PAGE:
Just as with waiting 40 days through Lent and making sacrifices along the way, brings us so much joy and glory with the celebration of Easter, the rewards of patience are peace and triumph. For I think it is in waiting for things that make the attainment of them so wonderful. There's an inner joy that accompanies those moments when you choose to be patient amidst suffering by the grace of God.

I love this quote by Mother Angelica, "Patience is adjusting your time to God's time."  Let's take Our Lady of Sorrows as our model of patience this Lent!

Sunday, February 11, 2018

Taking a Drive

Do you ever just like going for a drive? Even if you don't have anywhere in particular to go, sometimes it's nice to drive along the highway and take in all the surroundings. I guess all-day drives can be a drag, but there's something satisfying about reaching your destination after a long journey.

I like the fun and adventure of trips--the idea that you can hop in a car or a plane and be somewhere else in a matter of hours. Going for a drive and playing music in the car, rolling the windows down and feeling the fresh air, laughing with your friends on the way to a movie. There's something about sharing a drive that lets you have the best conversations, those feel good moments, and the experience of getting somewhere together.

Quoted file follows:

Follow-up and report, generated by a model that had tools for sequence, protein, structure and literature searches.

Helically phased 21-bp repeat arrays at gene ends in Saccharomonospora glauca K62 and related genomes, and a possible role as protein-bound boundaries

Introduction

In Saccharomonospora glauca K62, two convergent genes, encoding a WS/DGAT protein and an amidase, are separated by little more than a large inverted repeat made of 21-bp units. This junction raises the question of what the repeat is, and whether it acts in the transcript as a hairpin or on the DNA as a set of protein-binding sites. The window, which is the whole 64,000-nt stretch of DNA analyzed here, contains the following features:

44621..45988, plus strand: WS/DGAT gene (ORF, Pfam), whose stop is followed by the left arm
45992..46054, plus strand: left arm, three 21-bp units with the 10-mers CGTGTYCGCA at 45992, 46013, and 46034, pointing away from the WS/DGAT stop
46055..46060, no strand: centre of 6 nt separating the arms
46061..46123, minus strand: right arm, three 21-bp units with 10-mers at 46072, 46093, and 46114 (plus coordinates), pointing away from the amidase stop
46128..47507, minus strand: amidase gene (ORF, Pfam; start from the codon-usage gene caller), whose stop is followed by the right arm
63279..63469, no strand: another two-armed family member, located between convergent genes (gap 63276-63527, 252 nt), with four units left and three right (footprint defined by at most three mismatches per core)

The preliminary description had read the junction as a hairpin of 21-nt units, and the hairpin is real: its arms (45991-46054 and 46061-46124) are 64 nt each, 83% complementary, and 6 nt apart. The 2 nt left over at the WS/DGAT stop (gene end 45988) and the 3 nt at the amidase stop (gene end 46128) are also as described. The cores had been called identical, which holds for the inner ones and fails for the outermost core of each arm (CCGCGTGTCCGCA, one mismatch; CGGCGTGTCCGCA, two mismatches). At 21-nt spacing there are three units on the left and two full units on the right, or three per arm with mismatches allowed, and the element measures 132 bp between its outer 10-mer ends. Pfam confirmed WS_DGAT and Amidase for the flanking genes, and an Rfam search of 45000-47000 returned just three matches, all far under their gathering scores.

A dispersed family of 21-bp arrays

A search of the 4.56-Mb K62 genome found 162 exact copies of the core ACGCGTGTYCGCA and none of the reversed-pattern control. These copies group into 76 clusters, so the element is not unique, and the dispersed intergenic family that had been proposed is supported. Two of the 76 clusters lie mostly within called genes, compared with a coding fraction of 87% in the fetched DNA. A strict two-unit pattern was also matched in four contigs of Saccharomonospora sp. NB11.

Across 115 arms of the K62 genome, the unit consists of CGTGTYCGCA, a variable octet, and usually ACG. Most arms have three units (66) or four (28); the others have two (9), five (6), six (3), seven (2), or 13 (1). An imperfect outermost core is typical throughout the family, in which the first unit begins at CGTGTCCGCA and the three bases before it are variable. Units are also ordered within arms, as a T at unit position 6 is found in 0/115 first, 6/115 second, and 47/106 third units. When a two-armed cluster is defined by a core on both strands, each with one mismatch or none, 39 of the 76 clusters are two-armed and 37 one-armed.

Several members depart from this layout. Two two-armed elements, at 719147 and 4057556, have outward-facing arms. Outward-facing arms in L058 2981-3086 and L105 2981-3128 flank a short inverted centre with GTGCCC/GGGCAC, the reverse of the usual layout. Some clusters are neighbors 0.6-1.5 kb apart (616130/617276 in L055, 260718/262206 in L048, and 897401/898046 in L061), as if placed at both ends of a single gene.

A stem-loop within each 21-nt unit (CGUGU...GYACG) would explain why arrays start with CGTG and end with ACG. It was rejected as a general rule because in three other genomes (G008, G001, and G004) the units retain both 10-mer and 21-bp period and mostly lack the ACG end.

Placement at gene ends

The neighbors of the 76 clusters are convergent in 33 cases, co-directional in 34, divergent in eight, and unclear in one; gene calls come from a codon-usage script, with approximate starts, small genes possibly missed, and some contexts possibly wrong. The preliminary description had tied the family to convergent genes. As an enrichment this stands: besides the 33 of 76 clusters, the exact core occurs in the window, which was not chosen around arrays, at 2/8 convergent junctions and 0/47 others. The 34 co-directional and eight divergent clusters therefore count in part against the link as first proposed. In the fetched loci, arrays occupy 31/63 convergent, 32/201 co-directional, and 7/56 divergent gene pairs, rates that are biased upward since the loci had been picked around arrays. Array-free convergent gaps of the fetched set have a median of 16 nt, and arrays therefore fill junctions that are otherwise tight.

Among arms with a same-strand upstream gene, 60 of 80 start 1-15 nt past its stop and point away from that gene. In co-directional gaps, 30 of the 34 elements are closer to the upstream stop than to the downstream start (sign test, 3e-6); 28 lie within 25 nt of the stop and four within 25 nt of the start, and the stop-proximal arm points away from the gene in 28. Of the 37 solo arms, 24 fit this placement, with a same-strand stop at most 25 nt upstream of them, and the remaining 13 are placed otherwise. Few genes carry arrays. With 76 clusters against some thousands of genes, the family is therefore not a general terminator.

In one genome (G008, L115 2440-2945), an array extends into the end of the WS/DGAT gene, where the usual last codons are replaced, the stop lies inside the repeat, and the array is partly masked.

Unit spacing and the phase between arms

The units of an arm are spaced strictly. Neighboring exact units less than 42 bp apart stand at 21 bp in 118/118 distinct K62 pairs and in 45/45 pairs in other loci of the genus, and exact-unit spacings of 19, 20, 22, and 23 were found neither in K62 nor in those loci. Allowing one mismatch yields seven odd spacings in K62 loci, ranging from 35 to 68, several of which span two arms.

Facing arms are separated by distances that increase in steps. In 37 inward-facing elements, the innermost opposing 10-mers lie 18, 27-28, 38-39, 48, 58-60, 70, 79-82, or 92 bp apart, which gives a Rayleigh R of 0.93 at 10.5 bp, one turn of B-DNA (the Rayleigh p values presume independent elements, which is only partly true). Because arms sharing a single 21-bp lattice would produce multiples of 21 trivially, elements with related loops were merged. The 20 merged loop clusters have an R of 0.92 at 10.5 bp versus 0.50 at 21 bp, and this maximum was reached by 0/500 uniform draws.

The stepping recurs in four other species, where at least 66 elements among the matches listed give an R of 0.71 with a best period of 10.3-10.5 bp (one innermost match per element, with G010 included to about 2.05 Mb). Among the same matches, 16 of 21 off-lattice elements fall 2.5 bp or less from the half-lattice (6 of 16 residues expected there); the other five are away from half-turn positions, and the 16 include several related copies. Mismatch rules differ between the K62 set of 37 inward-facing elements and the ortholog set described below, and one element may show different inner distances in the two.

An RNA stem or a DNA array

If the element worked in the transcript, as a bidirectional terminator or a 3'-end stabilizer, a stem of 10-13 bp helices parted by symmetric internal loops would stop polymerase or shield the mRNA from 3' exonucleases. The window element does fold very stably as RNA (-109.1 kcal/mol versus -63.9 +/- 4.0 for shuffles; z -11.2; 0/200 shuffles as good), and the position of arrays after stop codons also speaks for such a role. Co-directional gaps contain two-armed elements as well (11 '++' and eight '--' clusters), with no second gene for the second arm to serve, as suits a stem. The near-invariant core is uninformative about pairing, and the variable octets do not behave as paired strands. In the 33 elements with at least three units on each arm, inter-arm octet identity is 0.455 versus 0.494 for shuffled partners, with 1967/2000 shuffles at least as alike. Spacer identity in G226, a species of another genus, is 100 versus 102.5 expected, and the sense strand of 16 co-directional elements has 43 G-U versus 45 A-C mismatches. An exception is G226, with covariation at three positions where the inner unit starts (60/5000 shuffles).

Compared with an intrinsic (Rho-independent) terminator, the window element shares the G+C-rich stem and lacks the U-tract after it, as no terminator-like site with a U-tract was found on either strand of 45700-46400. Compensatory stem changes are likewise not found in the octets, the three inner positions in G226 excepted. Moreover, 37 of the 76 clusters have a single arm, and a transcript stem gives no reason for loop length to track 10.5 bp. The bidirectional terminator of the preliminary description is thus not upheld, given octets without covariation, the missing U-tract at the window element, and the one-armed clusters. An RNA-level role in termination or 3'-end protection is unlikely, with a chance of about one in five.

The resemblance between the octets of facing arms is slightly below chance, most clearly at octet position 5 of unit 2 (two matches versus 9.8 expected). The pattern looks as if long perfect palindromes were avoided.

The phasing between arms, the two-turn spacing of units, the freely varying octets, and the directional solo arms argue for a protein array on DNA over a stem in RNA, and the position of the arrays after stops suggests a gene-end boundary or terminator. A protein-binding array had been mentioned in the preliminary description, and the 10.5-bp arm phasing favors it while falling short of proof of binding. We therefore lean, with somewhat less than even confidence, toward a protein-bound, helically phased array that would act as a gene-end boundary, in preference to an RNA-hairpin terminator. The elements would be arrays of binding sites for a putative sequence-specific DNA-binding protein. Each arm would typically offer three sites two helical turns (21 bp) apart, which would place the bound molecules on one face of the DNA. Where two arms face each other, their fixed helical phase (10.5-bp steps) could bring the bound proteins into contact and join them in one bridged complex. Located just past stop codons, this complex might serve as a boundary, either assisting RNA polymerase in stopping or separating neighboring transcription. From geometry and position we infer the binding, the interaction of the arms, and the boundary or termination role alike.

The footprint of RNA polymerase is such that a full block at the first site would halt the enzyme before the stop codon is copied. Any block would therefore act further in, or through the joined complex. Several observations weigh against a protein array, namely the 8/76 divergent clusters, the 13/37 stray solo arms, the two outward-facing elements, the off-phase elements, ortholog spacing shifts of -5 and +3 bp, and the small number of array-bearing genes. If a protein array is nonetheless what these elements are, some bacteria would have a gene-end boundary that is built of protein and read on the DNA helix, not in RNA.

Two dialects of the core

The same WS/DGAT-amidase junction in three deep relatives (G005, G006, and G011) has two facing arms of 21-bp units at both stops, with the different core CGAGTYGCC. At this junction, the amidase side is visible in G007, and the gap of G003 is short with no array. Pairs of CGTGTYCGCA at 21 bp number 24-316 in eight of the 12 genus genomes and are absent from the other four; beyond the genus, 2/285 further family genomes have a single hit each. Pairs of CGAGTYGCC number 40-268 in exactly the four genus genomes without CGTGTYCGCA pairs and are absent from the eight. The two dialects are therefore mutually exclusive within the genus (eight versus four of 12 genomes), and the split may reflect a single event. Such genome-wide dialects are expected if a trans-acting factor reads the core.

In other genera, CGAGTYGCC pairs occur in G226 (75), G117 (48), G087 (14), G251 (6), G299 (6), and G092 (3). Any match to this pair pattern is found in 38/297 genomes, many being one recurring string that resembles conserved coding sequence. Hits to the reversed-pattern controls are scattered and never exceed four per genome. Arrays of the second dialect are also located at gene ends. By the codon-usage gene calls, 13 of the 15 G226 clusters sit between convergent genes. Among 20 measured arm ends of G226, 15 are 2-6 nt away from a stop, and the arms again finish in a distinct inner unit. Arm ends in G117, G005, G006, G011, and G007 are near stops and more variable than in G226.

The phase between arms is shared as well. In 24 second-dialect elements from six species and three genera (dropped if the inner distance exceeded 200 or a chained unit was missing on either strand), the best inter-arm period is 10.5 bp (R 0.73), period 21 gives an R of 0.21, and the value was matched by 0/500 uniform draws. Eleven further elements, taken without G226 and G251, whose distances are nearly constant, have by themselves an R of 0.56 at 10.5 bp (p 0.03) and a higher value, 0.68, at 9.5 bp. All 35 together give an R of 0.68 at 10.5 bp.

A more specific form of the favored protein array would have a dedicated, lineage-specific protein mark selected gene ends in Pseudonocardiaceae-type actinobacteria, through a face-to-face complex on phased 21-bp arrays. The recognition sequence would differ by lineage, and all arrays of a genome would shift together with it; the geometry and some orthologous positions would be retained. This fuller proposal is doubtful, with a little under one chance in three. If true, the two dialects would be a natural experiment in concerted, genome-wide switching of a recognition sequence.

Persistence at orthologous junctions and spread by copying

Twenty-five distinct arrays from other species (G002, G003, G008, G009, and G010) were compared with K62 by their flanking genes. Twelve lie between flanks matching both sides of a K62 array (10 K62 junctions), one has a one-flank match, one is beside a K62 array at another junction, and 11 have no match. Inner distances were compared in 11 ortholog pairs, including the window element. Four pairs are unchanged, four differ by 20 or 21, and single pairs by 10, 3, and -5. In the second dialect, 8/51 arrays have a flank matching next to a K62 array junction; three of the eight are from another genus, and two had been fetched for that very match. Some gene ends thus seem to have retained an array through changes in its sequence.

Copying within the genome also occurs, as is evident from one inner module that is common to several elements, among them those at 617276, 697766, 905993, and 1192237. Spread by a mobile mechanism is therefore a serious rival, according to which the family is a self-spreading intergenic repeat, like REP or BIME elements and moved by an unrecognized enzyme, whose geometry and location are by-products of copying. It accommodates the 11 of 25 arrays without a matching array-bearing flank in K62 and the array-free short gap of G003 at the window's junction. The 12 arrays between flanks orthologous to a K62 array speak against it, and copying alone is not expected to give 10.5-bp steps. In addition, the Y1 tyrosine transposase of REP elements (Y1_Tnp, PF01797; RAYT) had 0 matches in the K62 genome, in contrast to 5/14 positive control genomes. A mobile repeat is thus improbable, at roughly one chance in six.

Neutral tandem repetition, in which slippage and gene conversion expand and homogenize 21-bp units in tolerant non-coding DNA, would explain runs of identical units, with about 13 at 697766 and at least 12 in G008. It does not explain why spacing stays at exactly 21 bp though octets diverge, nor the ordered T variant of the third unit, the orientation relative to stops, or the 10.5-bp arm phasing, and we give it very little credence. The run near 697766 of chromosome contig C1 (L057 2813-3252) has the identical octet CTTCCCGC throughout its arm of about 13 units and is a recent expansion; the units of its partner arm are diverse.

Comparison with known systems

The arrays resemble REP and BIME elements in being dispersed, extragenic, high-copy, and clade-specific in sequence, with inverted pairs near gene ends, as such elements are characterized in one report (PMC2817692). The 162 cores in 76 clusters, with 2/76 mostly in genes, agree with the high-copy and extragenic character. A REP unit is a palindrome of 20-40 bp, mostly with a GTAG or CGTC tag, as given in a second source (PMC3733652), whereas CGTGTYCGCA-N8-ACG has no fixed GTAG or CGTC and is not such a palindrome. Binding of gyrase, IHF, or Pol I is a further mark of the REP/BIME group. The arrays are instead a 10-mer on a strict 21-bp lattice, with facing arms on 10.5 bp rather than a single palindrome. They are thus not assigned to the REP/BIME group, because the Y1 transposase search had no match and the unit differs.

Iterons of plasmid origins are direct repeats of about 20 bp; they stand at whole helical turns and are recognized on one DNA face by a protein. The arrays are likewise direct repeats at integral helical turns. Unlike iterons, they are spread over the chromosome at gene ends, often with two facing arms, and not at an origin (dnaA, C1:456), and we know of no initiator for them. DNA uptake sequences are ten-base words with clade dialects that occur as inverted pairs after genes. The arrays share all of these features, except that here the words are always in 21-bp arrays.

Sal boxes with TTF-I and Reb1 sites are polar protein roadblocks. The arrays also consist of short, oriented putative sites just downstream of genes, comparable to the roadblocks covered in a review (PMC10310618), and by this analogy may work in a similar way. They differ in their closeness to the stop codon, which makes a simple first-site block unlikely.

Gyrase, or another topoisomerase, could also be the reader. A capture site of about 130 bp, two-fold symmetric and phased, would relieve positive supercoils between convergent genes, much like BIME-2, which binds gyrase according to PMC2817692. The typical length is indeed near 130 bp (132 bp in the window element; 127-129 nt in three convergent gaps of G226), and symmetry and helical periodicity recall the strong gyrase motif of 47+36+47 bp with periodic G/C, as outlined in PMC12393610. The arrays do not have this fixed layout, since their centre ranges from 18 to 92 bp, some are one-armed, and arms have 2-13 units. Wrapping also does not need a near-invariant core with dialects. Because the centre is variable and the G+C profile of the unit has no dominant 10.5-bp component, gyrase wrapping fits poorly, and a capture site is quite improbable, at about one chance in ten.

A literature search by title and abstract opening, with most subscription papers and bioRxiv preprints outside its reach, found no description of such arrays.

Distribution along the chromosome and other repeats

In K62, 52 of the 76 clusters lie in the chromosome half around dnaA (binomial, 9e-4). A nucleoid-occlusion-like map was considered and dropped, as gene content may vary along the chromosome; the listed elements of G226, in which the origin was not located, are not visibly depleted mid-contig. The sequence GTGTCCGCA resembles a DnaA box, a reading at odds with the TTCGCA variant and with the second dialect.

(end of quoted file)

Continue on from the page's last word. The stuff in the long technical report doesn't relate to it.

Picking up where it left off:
A nice drive gives you time to think, time to imagine, time to take a breather and slow down. I like the experience of new places, of the old fashioned idea of printing out directions, of capturing the moments that got you there. People laugh at the number of pictures I like to take, but you just want to savor those moments that quickly turn into memories. 

So when life hits you fast, remember you can just take it slow, one moment at a time!

Sunday, February 4, 2018

Valuing Our Heritage

Our nationality is part of who we are. It might not play a central part in our everyday life as far as customs may go, but there is something to be said for our heritage. Where we come from sometimes helps us know where we are going. Being American is a distinct nationality, but most Americans have different heritages. I enjoy American holidays and traditions, but it is also nice to have some elements of our other cultures as well.

For myself, I am Polish, Irish, and German. To be honest, I don't play up the nationalities all that much, but I think it's neat to know what you are. I would love to travel to those countries and experience what the culture would be like. The food, architecture, and people would all be so interesting.